Mano Murugan of the Verulam Historical Society points out where African businessmen 
sold traditional beer in the late 19th century. The society is calling on the descendants 
of Africans living in Verulam to share their stories to help them document the town’s 
history. Duncan Guy
There are some gaps in Verulam’s documented history.

The heritage society of the town, north of Durban, has chronicled the story of whites and Indians, but not as many African stories, and is calling on this community to come forward with their stories to complete the picture.

“Zulu people have a long history in Verulam. We need their descendants to come forward and give information about them. We need to show people about their importance in Verulam,” said Mano Murugan of the Verulam Historical Society.

“I am sure some of the descendants are living in Verulam and surrounding districts.”

“Some were business people, others were farmers, especially in the Grangetown area, said Murugan.

John Umfan Musulu and John Dambuza both once traded “utyala” beer in the main road - at 69 Wicks Street, which is now the Adams Centre - Musulu for 13 years from 1883 and Dambuza in 1891.

Others on record as licensed traders in the town are Alpheus Kuluse, James Ngcobo, Thomas Ntazi, William Cele, G Mhlongo, Ndaba Jele Mfeka, Sicewelete Ngangwane, William Ntuli, Philemon Mangele, Daisy Tembe and Jeremiah Sibisi.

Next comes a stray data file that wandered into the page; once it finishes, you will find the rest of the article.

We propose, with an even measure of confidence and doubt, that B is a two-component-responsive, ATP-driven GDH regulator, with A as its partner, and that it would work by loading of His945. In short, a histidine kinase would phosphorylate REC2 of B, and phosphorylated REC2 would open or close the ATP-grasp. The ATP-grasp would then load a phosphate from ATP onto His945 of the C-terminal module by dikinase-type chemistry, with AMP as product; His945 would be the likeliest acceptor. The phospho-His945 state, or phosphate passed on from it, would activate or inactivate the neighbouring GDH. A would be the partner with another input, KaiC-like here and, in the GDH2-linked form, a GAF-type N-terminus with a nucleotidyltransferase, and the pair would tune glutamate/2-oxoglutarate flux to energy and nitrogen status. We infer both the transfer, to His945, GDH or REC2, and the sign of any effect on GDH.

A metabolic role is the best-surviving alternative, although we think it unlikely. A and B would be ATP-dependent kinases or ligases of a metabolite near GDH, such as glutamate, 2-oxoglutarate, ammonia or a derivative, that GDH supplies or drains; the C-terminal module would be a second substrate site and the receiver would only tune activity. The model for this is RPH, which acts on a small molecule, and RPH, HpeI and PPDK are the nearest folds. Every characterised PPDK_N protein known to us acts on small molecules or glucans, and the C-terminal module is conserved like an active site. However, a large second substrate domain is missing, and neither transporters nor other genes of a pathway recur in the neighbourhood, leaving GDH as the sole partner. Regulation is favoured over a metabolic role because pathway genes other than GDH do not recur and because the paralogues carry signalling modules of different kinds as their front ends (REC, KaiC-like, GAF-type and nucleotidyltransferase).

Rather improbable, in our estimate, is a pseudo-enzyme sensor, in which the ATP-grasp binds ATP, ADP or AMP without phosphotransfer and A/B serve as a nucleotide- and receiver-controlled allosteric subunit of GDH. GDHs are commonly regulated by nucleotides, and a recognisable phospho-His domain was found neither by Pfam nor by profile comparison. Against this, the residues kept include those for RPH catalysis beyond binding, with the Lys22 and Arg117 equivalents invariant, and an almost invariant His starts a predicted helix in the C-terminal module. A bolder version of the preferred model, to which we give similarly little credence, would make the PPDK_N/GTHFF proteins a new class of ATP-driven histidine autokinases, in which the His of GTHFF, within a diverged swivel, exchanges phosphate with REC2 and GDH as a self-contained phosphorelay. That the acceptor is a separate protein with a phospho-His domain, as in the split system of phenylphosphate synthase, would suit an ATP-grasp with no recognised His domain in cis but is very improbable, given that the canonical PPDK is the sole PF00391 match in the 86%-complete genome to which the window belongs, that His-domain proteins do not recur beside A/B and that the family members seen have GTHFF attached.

Africans on record as having been farmers are John Madhala, Lloyd Goba and Richard Dhlamini in Grangetown; Henry Robert Mzimba in Cotton lands and Mordecai Tango and Joel Erskine Goba on leased land.

There is further mention in the heritage society’s documents of a Mr M J Mfeka, who ran a thriving business at the Town Board’s Native Eating House, and who attempted to hold a traditional Zulu dance one Saturday on the premises.

“But the Board, at its meeting on October 12, 1931, opposed the idea because it was “not prepared to permit such a function as dress of raw natives does not comply with the township’s by-laws”.

Further records are that in 1931 the Town Board and the local police” kept a close watch on a black man called William Mapumulu, who had made several attempts to call a meeting of his own people in the town”.

Mapumulu, “a known communist who was allegedly trying to incite the people because of the miserable wages and working conditions of the black people employed by the Board and the white inhabitants”, the documents read.

Meanwhile, Murugan said the society was also busy compiling the history of the Verulam suburb, Trenance Park.

“I would be grateful if any descendants of the Sykes family can come forward to reminisce about the old days spent on Trenance Sugar Estate,” he said.

The estate was founded by Richard Acutt, who arrived in Natal in 1859, and was named after the place he came from in Cornwall, in the UK.

William “Witty” Sykes bought it from Acutt and renamed it Sykes Farm.

Indentured Indian labourers referred to the farm as “Syke Kottery”.

Murugan can be contacted at 0731025274.